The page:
A Michigan federal judge on Friday sentenced a Volkswagen AG engineer who pled guilty to charges stemming from the diesel emissions scandal to 40 months in prison, slightly longer than the three-year prison term sought by prosecutors.
After months of delays, U.S. District Judge Sean Cox sentenced James Liang to three years and four months in prison. Liang, accused of helping facilitate the installation of so-called defeat devices to skirt U.S. emissions testing in about half a million vehicles, pled guilty in September to a count of conspiracy to defraud the United States, commit wire fraud and violate the Clean Air Act.
Liang was also fined $200,000, due immediately, more than the $20,000 fine requested by prosecutors. He also agreed to be deported to Germany after finishing his prison sentence. Liang is a German citizen.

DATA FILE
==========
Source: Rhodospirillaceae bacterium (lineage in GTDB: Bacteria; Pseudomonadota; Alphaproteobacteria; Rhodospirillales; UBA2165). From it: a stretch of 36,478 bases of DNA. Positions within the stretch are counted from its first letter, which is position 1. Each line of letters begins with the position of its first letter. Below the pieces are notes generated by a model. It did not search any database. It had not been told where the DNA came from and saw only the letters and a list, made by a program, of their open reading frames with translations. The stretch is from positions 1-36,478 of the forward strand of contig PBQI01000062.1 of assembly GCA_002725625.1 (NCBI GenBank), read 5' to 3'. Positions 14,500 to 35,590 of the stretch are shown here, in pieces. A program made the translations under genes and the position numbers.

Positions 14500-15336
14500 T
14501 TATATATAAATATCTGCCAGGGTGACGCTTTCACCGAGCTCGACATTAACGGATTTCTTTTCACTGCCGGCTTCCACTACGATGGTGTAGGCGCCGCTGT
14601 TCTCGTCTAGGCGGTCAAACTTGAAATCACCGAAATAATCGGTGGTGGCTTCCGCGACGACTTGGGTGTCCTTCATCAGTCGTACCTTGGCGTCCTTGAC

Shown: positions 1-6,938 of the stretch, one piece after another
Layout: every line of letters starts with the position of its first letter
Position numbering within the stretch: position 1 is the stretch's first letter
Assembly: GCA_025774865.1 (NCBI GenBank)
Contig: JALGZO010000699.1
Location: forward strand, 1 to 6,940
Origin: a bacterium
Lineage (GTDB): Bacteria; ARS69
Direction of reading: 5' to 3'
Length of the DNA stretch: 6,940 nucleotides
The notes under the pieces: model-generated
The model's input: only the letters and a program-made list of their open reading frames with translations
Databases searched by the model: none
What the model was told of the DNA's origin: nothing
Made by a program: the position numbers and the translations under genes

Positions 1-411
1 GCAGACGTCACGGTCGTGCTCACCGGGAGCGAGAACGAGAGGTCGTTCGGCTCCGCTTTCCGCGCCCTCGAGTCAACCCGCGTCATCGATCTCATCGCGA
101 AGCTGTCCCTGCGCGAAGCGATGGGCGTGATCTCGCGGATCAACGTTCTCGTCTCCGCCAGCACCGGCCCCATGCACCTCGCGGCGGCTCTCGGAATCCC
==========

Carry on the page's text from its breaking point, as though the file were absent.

At the hearing on Friday morning, Judge Cox said that Liang was a member of a long-term conspiracy and that the scandal was “a stunning fraud on American consumers,” a courthouse observer told Law360.
Liang’s attorney, Daniel V. Nixon of Byrne & Nixon LLP, said at the hearing that Liang was the first person to accept responsibility for what happened and that he had cooperated with prosecutors and agreed to testify against another VW executive, Oliver Schmidt, if Schmidt’s case had gone to trial, according to the observer.